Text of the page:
3. Toggle the switch next to Predictive

To turn off the predictive text feature while typing, iPhone users can:

  1. Hold the emoji icon to the left of the spacebar on the QWERTY keyboard.
  2. Tap Keyboard Settings.
  3. Toggle the switch next to Predictive


  1. Launch the Settings
  2. Tap System > Languages and input > On screen keyboard > Gboard.
  3. Tap Text correction.
  4. Toggle off Show suggestion strip.

Other ways to use predictive text

Predictive text can be used to provide shortcuts to insert longer phrases or sentences in text. On iOS, the following steps enable this capability:

  1. Launch the Settings
  2. Tap General > Keyboard.
  3. Tap Text Replacement.
  4. Tap + in top right corner.
  5. Enter text that is desired in the Phrase
  6. Enter the misspelled trigger word or shortcut phrase in the Shortcut text input
  7. Click Save.

For example, if the user enters On my way! in the Phrase field, and omw in the Shortcut field, On my way! will appear in the suggestion bar when a user types omw.

This approach can be useful for commonly misspelled words as well. For example, a user who is apt to misspell perceived would enter the correct spelling of that word in the Phrase field and the common misspelling percieved in the Shortcut field. When they type percieved, predictive text will suggest perceived.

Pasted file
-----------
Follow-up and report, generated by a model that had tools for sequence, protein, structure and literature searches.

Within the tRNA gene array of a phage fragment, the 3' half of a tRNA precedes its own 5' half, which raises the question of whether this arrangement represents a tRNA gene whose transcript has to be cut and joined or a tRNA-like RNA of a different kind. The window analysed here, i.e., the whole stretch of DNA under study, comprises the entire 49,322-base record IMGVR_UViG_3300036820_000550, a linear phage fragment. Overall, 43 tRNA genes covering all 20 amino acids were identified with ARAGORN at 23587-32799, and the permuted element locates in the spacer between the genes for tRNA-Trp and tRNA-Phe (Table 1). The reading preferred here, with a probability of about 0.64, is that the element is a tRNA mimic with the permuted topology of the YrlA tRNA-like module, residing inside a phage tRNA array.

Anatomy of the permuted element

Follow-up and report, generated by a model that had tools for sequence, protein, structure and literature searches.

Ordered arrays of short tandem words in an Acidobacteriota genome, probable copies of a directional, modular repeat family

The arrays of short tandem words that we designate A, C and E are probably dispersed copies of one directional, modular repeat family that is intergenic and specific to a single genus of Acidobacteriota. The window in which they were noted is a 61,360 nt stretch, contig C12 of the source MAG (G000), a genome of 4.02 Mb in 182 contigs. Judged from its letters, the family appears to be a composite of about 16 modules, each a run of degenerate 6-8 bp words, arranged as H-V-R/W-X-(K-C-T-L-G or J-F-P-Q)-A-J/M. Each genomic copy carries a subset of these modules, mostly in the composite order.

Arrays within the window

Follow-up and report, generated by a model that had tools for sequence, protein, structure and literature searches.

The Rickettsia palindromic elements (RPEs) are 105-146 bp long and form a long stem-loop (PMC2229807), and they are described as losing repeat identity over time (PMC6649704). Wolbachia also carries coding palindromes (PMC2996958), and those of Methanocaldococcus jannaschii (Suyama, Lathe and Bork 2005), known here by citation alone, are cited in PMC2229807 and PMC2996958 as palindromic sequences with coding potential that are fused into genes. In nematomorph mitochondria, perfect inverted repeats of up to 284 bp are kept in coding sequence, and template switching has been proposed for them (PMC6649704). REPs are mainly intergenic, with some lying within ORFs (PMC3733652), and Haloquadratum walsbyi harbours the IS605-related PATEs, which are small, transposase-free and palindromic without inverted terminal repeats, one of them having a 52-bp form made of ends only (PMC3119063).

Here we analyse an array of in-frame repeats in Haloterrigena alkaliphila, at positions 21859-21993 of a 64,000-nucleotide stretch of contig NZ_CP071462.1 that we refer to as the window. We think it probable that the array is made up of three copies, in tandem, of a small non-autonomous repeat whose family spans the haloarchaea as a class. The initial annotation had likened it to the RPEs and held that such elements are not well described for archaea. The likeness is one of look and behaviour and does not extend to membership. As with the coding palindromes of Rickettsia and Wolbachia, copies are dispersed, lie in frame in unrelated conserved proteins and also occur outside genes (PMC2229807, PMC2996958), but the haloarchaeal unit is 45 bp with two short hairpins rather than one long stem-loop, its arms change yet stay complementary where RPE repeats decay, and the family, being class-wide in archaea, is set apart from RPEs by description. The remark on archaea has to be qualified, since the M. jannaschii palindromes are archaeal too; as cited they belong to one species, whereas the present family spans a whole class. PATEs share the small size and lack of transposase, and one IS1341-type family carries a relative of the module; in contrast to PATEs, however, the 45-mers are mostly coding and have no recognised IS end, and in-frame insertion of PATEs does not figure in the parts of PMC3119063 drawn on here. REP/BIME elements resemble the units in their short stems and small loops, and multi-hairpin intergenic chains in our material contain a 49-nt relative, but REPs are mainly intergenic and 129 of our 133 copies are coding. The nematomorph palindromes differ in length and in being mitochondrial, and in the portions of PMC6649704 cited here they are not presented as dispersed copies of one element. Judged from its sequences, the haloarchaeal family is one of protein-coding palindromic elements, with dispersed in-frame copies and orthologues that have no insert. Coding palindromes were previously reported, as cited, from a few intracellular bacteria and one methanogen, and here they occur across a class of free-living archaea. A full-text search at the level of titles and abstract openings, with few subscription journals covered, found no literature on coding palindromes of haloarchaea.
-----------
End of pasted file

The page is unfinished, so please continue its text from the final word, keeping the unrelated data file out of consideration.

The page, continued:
Android's Gboard also has a "Block Offensive Words" feature. When enabled, it prevents the predictive text features from suggesting profanity to the user.

To remove words from Gboard predictive text, users can:

  1. Launch the keyboard by clicking a text field.
  2. Begin typing.
  3. Tap and hold the undesired suggestion.
  4. Drag the word to the trash can icon that appears.

Predictive text is often used in customer service applications to help agents quickly craft responses to customers. Learn how this and other AI technologies are used in customer service to improve customer experience and expedite workflow.

This was last updated in October 2022